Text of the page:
Putting a Stop to Food Waste
Most of us have probably never had to go hungry, so it might be hard to imagine wondering where your next meal would come from. But the fact is hunger is a huge problem all over the world. According to the World Food Programme on average one in every nine people doesn’t have enough food to lead a healthy, active life.
But experts claim that more than enough food is produced worldwide to feed everyone. So why is global hunger such a big problem?
According to WorldHunger.org, poverty is the principal cause of hunger, but other reasons come into play too, including food loss. In fact, one-third to one-half of all food produced globally is lost or wasted.
Such a Waste
Food loss occurs at all four stages of the food supply chain: production, processing, retailing and consumption.
In low-income countries the majority of loss occurs during production; in developed countries an estimated 220 pounds per person per year is wasted during the consumption stage.
The National Resources Defense Council says, “The average American consumer wastes 10 times as much food as someone in Southeast Asia, up 50 percent from Americans in the 1970s.” And approximately 40 percent of food in the U.S. today isn’t eaten. That’s more than 20 pounds of food per person every month!
Food waste is not just a problem in North America. In the EU some 100 million tons of food is wasted annually. If nothing changes, the amount of food waste there is predicted to reach 126 million tons a year by 2020.
Why the Waste?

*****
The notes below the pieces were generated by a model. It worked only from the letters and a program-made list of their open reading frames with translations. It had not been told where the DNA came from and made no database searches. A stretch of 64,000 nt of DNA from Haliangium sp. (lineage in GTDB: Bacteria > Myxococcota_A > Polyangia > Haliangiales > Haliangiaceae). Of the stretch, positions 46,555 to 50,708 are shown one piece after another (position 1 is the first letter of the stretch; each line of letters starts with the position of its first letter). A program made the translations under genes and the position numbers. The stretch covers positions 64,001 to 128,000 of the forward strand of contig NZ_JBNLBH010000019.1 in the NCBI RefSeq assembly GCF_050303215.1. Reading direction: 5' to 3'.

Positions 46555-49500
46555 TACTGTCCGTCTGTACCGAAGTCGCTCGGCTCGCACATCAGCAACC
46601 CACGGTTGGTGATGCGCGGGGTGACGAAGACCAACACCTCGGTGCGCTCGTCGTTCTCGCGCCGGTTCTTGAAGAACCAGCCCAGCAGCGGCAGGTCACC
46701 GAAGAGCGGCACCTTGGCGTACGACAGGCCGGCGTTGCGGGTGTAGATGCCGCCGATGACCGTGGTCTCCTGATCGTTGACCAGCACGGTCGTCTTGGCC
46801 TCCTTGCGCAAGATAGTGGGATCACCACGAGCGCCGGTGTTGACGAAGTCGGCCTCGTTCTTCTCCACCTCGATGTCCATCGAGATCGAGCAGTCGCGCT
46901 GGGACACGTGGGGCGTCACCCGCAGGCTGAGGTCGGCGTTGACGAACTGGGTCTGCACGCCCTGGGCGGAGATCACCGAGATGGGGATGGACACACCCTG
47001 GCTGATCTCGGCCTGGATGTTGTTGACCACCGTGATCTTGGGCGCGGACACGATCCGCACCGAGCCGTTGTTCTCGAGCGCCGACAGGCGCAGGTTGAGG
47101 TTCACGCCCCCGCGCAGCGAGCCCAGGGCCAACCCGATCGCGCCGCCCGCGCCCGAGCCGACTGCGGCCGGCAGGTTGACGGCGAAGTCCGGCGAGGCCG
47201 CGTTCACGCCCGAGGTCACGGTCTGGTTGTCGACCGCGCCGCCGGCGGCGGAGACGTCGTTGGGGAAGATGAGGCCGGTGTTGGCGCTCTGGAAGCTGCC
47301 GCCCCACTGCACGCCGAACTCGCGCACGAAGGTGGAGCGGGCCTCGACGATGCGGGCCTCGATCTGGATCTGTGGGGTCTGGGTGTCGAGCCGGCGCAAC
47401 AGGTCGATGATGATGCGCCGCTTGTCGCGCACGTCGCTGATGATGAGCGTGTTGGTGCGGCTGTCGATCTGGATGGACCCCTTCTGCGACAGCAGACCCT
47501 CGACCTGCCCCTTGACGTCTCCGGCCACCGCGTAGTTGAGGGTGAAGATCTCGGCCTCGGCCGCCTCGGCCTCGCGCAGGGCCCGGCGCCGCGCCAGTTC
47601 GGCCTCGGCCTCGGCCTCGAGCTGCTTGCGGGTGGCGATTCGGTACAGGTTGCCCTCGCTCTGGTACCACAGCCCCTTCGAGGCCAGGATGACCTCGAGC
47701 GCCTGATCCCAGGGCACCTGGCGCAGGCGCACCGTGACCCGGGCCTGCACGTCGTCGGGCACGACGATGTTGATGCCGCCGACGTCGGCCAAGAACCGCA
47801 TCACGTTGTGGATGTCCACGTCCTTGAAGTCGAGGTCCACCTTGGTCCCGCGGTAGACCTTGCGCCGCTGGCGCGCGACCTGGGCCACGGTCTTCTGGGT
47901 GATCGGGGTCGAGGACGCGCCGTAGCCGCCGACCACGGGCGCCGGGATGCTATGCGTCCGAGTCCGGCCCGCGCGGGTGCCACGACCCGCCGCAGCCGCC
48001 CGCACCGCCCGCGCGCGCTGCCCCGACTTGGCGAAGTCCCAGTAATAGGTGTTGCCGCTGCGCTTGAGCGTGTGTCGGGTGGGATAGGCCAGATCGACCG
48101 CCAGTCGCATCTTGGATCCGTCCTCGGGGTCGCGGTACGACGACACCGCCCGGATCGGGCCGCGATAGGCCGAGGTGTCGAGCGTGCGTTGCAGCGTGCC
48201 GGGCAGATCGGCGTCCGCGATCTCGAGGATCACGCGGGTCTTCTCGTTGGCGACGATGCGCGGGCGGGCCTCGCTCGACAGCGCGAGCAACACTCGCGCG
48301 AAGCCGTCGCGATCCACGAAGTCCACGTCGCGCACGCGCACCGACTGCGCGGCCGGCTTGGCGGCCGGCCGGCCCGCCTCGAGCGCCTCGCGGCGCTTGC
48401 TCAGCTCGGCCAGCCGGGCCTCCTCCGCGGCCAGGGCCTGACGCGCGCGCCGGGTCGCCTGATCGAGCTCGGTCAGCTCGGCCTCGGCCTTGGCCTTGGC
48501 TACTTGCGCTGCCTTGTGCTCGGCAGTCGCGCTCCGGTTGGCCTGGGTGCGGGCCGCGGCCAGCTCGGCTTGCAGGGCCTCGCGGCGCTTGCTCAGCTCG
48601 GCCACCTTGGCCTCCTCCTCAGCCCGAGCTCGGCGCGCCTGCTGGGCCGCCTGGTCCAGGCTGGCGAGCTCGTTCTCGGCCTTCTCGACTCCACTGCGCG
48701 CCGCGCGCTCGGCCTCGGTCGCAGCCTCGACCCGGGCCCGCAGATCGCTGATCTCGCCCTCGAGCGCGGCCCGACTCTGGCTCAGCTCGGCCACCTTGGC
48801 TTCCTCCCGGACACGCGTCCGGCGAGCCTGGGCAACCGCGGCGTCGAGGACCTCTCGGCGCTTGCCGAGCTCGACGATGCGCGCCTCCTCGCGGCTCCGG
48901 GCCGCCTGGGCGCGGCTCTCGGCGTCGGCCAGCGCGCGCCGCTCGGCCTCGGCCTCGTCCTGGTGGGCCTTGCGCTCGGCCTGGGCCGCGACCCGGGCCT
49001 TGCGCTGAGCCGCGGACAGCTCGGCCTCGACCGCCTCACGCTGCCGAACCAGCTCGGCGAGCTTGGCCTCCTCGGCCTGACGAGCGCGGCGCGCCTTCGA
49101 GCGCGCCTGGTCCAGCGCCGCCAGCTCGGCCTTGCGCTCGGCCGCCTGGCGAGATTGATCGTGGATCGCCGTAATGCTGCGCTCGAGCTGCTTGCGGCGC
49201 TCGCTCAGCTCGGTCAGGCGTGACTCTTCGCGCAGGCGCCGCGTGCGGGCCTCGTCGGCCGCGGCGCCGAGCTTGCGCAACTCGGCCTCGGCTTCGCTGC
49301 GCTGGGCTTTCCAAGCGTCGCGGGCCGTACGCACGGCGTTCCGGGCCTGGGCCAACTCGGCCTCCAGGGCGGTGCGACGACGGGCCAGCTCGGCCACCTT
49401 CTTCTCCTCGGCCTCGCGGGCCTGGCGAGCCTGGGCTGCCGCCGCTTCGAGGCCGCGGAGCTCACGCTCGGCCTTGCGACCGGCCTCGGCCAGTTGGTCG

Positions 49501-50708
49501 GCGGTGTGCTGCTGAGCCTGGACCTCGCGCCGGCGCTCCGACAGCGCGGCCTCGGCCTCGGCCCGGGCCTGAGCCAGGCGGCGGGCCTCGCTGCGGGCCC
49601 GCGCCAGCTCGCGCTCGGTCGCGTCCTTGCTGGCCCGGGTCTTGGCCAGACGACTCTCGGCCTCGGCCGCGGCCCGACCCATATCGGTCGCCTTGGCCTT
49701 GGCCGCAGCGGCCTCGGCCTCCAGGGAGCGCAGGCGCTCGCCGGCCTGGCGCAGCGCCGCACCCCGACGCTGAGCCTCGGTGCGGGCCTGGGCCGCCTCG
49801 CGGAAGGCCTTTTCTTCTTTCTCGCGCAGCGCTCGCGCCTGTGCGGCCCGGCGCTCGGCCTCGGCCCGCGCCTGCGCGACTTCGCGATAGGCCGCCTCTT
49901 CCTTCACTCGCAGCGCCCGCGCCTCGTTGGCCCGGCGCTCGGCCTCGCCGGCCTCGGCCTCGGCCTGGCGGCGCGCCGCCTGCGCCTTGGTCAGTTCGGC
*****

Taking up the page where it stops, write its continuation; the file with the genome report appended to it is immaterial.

The Institution of Mechanical Engineers cites poor storage facilities, too-stringent sell-by dates, “get-one-free” offers and consumer fussiness as major reasons for global food waste.
What’s Being Done
The good news is that while global hunger continues to be a massive problem, progress is being made. For example, WorldHunger.org reports a 42 percent reduction in the prevalence of undernourished people between 1990–92 and 2012–14.
So there is hope—thanks in part to the many organizations who have it made it their mission to end hunger.
Heroes in the Fight Against Hunger
One of the organizations that’s passionate about ending hunger is Kroger, a U.S. grocery chain. Their Zero Hunger / Zero Waste initiative is the company’s most ambitious to date, with a goal of eliminating waste company-wide and ending hunger in U.S. communities by 2025.
Kroger CEO Rodney McMullen says, “More than 40 percent of the food produced in the U.S. each year goes unconsumed, while one in eight people struggle with hunger. That just doesn’t make sense. As America’s grocer and one of the largest retailers in the world, we are committing to doing something about it.”
Watch the video to see how Kroger is partnering with various agencies to help end hunger in the U.S.
The fight continues globally too. For example, in France it’s illegal for supermarkets to throw away food that is still edible.
And other organizations in Asia, Australia, the Bahamas, Brazil, Canada, Denmark, England, Germany, Italy, the Netherlands, Switzerland and Taiwan are also working to end food waste. Check out this list of 59 Organizations Fighting Food Loss and Waste from foodtank.com. (Be sure to skim the comments to learn about even more.)
How to Be a Hero at Your Home
Food waste is a problem that can be solved. It is being solved. It just takes all of us making small, conscious choices—something I’m proud to say that Norwex Movement members are very good at!
- 10 Facts About Hunger | WFP | United Nations World Food Programme – Fighting Hunger Worldwide
- World Hunger, Poverty Facts, Statistics 2016 – World Hunger News
- Food Waste | NRDC
- Global Food Waste Not, Want Not – Document
- Food Waste: Half Of All Food Ends Up Thrown Away
- Food Waste – European Commission
- Kroger Launches Initiative To Eliminate Food Waste And Hunger By 2025
- Zero Hunger Zero Waste Initiative │VIDEO (long version) │Kroger | YouTube
- 3 Easy Ways to Combat Food Waste | Norwex Movement
- Food Waste: Recycling Food from Supermarkets, Colleges, Farms for the Poor | Money
- 2015 France Passes Law Forcing Supermarkets to Donate Unsold Food | Norwex Movement
- 59 Organizations Fighting Food Loss and Waste – Food Tank
- Save The Food | Home